Actually, there's no such a thing as 'live' television, the more accurate term is 'near-live'. The fact is, there will always be some delay, whether it be from Rupert Murdoch's Sky satellites or Virgin's IP network. The important point is keeping the latency low enough so that you don't hear the neighbours celebrating a goal from a free kick that has yet to be taken according to your television. And Google's deal with Verizon could just be one of many it might find necessary in order to make live streaming over Youtube a viable prospect.

The two day trial will show us whether streaming over the public Internet is really possible. BBC's Iplayer works well with pre-recorded content but as we reported during the World Cup, it fell woefully short trying to stream live video in real time. Even tests on the best-case academic network, Janet, showed terrible performance.

Steve Jobs must be wondering whether Apple TV will ever gain the foothold it needs. He might label it as a "hobby" but in truth gaining access to the living room might be just as profitable as Itunes or any of Apple's other products. Advertisers still spend billions of pounds on television advertising, so Apple, Google or any other firm will not think twice if given the chance to supplement their income with a percentage of that cash.

In the case of Apple TV, Jobs has the right idea but simply executed it a couple of years too late. Why should consumers buy yet another box merely to access paid content, when future televisions will have the software built in to do the same?

Google has realised that while Youtube needed "amateur hour" to become popular, it needs professionally produced content to become a cash cow. Consumers have many outlets for acquiring content without paying for it, so the idea will be that by adding professional content with ease of use, those who prefer downloading episodes off Bittorrent or Usenet will reconsider. Big ticket advertisers want to be associated with programs that they can rely on being of a certain quality, in the same way that users expect a level of quality after shelling out to watch a movie.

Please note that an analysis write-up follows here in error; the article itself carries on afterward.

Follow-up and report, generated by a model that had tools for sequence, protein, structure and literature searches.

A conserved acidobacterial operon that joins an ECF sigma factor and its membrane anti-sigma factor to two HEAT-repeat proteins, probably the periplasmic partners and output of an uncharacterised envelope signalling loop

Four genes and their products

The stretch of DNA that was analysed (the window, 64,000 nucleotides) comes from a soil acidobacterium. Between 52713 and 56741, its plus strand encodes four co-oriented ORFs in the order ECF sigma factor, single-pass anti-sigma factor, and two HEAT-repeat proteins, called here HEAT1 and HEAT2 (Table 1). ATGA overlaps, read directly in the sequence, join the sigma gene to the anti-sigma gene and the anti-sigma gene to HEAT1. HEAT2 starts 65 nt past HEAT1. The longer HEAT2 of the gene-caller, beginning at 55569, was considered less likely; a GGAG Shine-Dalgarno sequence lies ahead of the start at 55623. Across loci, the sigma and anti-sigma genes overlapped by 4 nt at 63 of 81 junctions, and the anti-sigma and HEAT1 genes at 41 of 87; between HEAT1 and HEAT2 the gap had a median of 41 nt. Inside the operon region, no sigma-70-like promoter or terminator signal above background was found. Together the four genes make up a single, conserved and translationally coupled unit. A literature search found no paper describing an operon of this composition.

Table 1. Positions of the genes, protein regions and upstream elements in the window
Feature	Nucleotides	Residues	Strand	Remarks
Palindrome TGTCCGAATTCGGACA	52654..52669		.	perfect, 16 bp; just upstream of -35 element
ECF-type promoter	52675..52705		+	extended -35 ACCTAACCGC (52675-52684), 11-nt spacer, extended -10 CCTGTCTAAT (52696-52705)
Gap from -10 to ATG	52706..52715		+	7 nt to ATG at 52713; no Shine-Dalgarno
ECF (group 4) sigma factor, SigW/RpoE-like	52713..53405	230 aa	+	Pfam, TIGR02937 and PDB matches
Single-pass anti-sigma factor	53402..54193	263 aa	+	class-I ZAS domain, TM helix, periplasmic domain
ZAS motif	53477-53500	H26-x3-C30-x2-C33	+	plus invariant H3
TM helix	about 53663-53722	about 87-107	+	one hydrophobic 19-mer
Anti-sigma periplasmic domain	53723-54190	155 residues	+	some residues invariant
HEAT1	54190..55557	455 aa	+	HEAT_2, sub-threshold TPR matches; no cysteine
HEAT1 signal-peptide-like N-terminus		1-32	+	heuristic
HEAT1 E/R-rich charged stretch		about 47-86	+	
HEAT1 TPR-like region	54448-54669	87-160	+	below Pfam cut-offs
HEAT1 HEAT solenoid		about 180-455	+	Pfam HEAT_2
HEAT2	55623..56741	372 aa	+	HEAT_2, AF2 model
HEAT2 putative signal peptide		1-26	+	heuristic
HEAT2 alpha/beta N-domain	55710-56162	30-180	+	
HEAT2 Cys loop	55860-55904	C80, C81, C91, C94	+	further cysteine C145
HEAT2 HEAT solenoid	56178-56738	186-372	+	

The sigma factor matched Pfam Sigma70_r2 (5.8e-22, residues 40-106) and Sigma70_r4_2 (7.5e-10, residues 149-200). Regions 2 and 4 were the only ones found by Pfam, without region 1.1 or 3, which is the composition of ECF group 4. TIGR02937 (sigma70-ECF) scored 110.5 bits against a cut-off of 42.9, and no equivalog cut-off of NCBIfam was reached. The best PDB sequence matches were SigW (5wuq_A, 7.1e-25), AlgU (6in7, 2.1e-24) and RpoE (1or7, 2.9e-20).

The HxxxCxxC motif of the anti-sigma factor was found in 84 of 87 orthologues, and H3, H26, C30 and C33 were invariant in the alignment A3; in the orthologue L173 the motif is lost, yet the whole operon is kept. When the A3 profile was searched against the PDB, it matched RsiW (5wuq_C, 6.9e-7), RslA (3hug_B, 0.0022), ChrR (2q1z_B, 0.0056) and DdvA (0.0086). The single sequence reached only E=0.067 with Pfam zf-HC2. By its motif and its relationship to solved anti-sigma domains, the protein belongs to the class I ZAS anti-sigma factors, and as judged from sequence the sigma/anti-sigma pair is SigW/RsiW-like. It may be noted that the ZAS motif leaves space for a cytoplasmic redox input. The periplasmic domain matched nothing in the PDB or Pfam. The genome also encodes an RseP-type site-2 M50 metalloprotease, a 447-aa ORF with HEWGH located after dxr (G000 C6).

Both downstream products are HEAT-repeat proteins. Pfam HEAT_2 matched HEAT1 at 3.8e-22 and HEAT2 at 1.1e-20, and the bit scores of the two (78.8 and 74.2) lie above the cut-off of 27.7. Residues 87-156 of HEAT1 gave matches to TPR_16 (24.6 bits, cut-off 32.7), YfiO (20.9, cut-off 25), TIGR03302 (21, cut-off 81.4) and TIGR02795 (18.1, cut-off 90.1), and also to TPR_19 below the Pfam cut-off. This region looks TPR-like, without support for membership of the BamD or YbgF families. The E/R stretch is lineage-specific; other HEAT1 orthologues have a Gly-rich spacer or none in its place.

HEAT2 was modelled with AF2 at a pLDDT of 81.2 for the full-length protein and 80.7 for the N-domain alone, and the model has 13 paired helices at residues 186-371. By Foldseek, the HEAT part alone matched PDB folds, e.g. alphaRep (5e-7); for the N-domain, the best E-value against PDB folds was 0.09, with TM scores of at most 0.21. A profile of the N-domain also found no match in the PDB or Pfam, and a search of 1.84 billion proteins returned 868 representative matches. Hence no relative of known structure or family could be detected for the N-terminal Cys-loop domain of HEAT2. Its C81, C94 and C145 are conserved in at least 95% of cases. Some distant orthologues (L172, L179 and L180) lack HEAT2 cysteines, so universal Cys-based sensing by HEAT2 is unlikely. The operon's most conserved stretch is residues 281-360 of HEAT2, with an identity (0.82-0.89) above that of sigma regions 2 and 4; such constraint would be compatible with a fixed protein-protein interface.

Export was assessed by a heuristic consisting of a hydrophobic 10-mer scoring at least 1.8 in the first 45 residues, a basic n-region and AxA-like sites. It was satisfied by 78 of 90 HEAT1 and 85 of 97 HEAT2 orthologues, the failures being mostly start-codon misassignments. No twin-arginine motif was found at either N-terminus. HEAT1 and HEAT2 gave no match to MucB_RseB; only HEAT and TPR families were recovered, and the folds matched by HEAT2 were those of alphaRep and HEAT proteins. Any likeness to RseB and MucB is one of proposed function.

As television manufacturers try, and fail, to drum up sales through offering 3D televisions, the real selling point of future televisions will be in the ability to harness web services such as Youtube to view television programmes. Google has perhaps given the TV manufacturers like Samsung and Panasonic the ultimate marketing tool to package their televisions as much more than 50-inch wall hangings.

Whether Google can use Youtube to encourage adoption of its Android operating system by television manufacturers is another question. Samsung has already heavily invested in its Apps, however it might not need to, given the money it can rake in from serving up advertising.

Sadly for Apple this is one area where Google isn't playing catch up, and will, in all likelihood end up having the same level of success that it enjoys on the desktop. µ